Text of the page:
Espaliering is a method of training trees to grow in two dimensions rather than three. This process is most frequently employed on fruit trees such as limes. The style of tree training can adapt a tree to areas where regular lime trees would not fit. Gardeners train espaliered trees to grow in predetermined shapes such as chevrons, candelabras or tiers. The process of espaliering is simple, although training a tree in this method is quite time consuming.
- Skill level:
Things you need
- Lime tree
- Masonry bit
- Masonry anchors
- Eye bolts
- 9-gauge wire
- Wire cutters
- Soft plant ties
Dig a hole for a tree against the south side of a brick or stone wall. Because limes are among the most cold sensitive trees in the home landscape, the south-facing wall will absorb heat through the day and release it at night to warm the lime tree. The hole should be twice as wide as the tree's root ball and exactly the same depth. Place the tree's root ball into the hole, and fill in the space between the soil wall and the root ball with soil. The main trunk of the tree should be 6 inches away from the wall.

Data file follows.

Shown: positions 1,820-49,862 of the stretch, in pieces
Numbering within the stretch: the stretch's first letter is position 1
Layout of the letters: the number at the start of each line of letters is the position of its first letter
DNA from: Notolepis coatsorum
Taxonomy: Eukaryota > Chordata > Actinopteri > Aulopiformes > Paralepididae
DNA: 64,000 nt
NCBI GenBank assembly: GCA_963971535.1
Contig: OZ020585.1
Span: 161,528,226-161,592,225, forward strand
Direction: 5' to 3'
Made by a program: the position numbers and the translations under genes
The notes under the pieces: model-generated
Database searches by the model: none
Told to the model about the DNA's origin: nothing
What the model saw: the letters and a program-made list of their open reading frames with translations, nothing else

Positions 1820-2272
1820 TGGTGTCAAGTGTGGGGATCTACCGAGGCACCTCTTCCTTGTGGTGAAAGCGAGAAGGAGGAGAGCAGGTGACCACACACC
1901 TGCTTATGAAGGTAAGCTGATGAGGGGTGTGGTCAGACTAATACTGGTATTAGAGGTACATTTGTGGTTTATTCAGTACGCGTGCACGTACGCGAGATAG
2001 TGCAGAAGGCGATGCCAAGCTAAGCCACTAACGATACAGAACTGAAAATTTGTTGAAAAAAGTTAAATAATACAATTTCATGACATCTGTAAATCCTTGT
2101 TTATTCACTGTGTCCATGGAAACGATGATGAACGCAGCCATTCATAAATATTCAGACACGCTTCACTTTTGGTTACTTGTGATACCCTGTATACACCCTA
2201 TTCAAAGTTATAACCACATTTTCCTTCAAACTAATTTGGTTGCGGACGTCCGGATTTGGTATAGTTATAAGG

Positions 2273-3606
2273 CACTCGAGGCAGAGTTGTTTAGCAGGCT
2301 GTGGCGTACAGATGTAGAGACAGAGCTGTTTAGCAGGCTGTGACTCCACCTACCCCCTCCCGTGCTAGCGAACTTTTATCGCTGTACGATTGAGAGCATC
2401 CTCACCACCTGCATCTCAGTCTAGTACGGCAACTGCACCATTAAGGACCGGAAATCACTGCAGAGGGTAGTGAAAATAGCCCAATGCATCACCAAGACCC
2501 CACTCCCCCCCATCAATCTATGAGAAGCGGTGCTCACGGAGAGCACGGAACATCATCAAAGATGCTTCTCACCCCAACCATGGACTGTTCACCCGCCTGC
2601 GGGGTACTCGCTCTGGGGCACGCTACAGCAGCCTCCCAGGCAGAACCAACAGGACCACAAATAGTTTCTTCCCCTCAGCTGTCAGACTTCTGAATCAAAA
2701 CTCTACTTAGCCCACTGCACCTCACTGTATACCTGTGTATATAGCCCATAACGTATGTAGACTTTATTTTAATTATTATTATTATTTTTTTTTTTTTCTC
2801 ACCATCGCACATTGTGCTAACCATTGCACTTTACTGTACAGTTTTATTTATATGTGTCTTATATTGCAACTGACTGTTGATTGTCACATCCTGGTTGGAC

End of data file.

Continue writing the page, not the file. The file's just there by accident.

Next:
Determine which pattern that you wish to train your espalier tree into. Potential patterns include palmate, chevron, tiered, cordon or candelabra. Attach a masonry drill into a cordless drill, and drill holes into the masonry in a grid pattern behind the tree.
Insert a masonry anchor into each drilled hole. Screw an eye bolt into each masonry hanger.
Pass 9-gauge wire through each eye bolt, and attach the wire by twisting it around the end bolts to create a sturdy trellis.
Bend and shape limbs into the espalier shape by tying them loosely into their proper position against the trellis with cloth plant ties. If a limb will not bend into place without breaking, bend it as far as it will naturally go and tie it in that position. Once the limb naturally grows in that position, bend it a little further. Keep bending the limb over time until it reaches the desired shape.
Prune unwanted branches by cutting them back with pruning shears to a point just outside of the bark ridge formed between the tree's trunk and the limb.
Examine the tree once weekly and adjust the ties as needed. Water the tree using the equivalent of 1 inch of rainfall every 10 days.
Plan major pruning and training sessions every three months.
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